Monday, December 10, 2012

AC360 previews "Zero Dark Thirty": does the film falsely show that the US needed torture to get Osama bin Laden?


On AC360 tonight,  Anderson explored the allegations that the first part of the film “Zero Dark Thirty”, about the assassination of Osama bin Laden, directed by Kahtryn Bigelow (Columbia Pictures), inaccurately showed the use of torture (“extreme rendition”) by the military and CIA in order to locate Osama.  Analyst Peter Bergen, an unpaid consultant for the film, appeared.

The AC360 report suggested that the public will come away with a false impression that torture (waterboarding) was needed to find bin Laden, and this could affect future operations. Anderson noted that the FBI was also involved in the location of bin Laden as well as the CIA.

Anderson has already seen the film, which is getting awards, even though it will open only in New York and Los Angeles on Dec. 19, and not open in wide release until Jan. 11, 2013.  Arch Campbell of WJLA in Washington DC has also reviewed it.

Since Washington was also hit on Sept. 11, 2001, why doesn't Columbia Pictures do us the courtesy of opening here on Dec. 19 along with NY and LA, even if at only one theater (like Loew's AMC Gerogetown, or Landmark Bethesda Row).  Or perhaps Regal's Potomac Yard or AMC Shirlington, the closest theater complexes to the Pentagon.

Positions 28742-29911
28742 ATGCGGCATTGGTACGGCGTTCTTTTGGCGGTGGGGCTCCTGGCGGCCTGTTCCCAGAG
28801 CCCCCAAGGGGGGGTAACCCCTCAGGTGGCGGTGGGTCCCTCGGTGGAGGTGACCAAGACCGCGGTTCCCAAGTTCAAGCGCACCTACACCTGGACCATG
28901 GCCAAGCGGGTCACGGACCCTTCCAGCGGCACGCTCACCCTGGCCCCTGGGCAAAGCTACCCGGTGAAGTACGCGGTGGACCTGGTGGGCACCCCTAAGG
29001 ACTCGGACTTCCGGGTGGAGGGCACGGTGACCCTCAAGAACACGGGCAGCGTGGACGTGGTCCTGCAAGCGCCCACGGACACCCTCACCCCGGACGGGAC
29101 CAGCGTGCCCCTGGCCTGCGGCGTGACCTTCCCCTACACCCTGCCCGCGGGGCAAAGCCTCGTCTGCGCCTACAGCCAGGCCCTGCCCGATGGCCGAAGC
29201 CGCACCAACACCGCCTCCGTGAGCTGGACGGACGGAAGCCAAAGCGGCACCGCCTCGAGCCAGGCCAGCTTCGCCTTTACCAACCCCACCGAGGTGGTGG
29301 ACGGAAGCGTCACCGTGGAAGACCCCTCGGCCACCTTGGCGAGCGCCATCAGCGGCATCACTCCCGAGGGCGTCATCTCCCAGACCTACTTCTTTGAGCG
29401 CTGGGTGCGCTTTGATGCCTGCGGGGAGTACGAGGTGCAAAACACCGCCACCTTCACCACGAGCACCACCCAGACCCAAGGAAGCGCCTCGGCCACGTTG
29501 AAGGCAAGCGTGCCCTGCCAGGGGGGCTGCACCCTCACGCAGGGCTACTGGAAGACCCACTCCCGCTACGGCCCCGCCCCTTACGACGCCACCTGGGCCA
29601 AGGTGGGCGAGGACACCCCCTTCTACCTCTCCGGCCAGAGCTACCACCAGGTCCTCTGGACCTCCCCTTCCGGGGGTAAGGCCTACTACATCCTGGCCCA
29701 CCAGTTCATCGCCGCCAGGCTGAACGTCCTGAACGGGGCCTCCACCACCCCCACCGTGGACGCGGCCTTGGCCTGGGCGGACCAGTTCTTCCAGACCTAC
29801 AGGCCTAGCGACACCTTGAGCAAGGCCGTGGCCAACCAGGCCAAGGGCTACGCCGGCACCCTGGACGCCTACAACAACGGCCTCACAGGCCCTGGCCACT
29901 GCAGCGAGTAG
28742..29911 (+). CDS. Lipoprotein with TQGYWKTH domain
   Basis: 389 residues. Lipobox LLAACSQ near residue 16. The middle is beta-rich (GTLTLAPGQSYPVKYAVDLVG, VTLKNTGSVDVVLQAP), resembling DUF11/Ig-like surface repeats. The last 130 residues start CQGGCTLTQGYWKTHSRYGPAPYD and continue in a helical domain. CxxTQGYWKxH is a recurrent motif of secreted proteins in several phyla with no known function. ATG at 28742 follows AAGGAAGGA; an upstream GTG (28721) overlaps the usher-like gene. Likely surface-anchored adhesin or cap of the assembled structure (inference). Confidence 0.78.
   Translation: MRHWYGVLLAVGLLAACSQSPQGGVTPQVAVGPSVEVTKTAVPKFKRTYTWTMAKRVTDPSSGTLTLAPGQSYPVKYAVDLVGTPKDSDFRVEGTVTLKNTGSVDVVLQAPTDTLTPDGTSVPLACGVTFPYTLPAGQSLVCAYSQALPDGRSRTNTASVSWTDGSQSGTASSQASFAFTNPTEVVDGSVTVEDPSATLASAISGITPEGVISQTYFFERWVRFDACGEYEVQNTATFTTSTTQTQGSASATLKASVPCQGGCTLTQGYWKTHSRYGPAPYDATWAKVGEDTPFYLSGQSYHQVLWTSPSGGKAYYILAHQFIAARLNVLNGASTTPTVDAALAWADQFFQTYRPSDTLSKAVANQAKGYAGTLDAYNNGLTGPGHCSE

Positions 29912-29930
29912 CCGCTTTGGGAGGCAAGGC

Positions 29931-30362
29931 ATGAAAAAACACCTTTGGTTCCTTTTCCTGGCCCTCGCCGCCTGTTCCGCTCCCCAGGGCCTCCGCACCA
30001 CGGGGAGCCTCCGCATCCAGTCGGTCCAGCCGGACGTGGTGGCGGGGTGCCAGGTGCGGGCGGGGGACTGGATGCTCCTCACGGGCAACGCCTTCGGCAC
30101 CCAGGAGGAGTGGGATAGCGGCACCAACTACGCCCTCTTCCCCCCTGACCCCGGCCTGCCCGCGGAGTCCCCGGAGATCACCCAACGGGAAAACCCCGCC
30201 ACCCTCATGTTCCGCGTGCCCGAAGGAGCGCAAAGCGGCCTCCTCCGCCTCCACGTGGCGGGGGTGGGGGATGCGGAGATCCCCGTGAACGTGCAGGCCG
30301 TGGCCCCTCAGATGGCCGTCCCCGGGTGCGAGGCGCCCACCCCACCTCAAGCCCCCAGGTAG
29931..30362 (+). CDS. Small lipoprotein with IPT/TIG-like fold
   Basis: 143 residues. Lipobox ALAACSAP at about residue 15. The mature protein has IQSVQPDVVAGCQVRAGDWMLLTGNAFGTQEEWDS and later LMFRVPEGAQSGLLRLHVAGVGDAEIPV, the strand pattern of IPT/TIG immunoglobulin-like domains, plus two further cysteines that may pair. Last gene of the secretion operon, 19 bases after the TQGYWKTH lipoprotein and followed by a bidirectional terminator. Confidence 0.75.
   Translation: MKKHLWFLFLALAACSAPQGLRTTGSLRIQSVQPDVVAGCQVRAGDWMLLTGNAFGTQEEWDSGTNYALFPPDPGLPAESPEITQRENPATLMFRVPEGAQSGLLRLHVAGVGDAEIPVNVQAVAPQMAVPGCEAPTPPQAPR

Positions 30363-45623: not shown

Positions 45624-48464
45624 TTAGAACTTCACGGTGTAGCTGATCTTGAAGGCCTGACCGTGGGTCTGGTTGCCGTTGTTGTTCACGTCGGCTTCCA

Peter Bergen has an op-ed on the question at CNN here

On Tuesday, Dec. 11, the Washington Post has a story (by Greg Miller) about the young female operative who helped trck down bin Laden's location from a courier, here.  The article describes the CIA as "middle school with clearances".   Detached, schizoid personalities are common.  I could probably have done her job the same way had I been employed there.  The Post offers a video interview of director Bigelow.  

Anderson and Sanjay Gupta also presented a new treatment for childhood leukemia, in which HIV is modified to carry immune modulators against the leukemic cells to T4 cells (but not to destroy T4 cells permanently). It was successful in at least one girl, and temporarily in some other children.  It is still very brutal treatment but less costly than bone marrow transplant.

CNN’s report on the experiment was not posted as if this writing, but MSNBC has a similar story from NBC Nightly News.


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